‘Experiments in International Adjudication is a treasure. Recovering successful and failed efforts at international adjudication in the nineteenth and twentieth century, spanning Africa, Europe, Latin America, and the Middle East, a stellar group of scholars considers why history does and does not remember or build on early efforts at international adjudication. Beyond explicating little known international adjudication experiments, we learn of the forces working for and against generalizing these experiments so as to lay the groundwork for constructing an international judiciary capable of resolving trans-border disputes and generating state responsibility and accountability to international law.'
Karen J. Alter - Northwestern University and iCourts
‘Experiments in International Adjudication is an overdue and necessary complement to the burgeoning research on international courts and tribunals. The authors, outstanding experts, have shed light on so far unknown institutions, facets of seemingly familiar ones, and show how many of the 'experiments' failed, while others led to unforeseen results. This book fills a gap and will stimulate further investigations on the histories and functions, problems and potentials of eminently important institutions in international law and relations.'
Anne Peters - Director of the Max Planck Institute for Comparative Public Law and Public International Law and Ruprecht-Karls-Universität Heidelberg, Freie Universität Berlin and William C. Cook Global Law Professor at the University of Michigan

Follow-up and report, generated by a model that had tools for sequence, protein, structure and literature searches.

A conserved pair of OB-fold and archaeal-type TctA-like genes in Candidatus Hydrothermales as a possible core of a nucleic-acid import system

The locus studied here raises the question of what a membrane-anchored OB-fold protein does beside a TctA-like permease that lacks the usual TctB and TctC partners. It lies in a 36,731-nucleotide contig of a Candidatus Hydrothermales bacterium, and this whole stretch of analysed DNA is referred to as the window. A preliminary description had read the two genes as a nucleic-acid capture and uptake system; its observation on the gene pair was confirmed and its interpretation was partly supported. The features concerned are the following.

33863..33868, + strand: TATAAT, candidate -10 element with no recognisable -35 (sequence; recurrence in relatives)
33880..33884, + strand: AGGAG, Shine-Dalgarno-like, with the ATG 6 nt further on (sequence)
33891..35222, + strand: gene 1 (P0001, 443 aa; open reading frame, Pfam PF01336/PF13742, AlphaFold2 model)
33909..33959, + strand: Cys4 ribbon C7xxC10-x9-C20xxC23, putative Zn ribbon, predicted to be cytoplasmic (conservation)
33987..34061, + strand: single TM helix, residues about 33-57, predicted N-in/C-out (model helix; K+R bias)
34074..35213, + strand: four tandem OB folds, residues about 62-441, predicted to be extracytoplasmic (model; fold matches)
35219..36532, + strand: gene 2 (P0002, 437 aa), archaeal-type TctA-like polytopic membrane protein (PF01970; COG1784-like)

‘This collection of fascinating essays on instances and experiments in international adjudication from the last two centuries significantly thickens the narrative of the historical emergence of present-day international courts and tribunals. By delving into the rich histories of failed or unfinished experiments with arbitral and judicial dispute settlement between states, the book shows that the recent proliferation and diversification of international adjudication has deep historical roots and that the disruptive effects these variations are often perceived to have on international law as a system, may actually be crucial to its endurance.'
Randall Lesaffer - Tilburg University and Katholieke Universiteit Leuven
‘Experiments in International Adjudication is a very welcome addition to the already large literature on international courts and tribunals. But different from most other books, this volume reveals the story of little-known experiments of international adjudication. Thereby, it enriches our understanding in a multitude of ways and makes us rethink what really works in terms of international adjudication. Written by a set of understanding scholars, this book is a little treasure trove that should be read by anyone with an interest in the history of international law.'
Mikael Rask Madsen - Director of iCourts, Centre of Excellence for International Courts, University of Copenhagen
‘This comprehensive volume follows a chronological approach and reveals the well-co-ordinated research carried out by this interdisciplinary group of eminent scholars. It critically recalls some underresearched 'strands of the historical record that can be seen as genuine 'trials' and 'errors' in the long process of experimentation relating to international adjudication', considering their intellectual, socio-political, and international legal context, connecting past and present experiments, and offering 'fresh perspectives on this usually 'neglected', but significant discipline' … This book makes a decisive contribution to the research and understanding of the history of international adjudication.’
Eduardo Jimenez Pineda
Source: The British Yearbook of International Law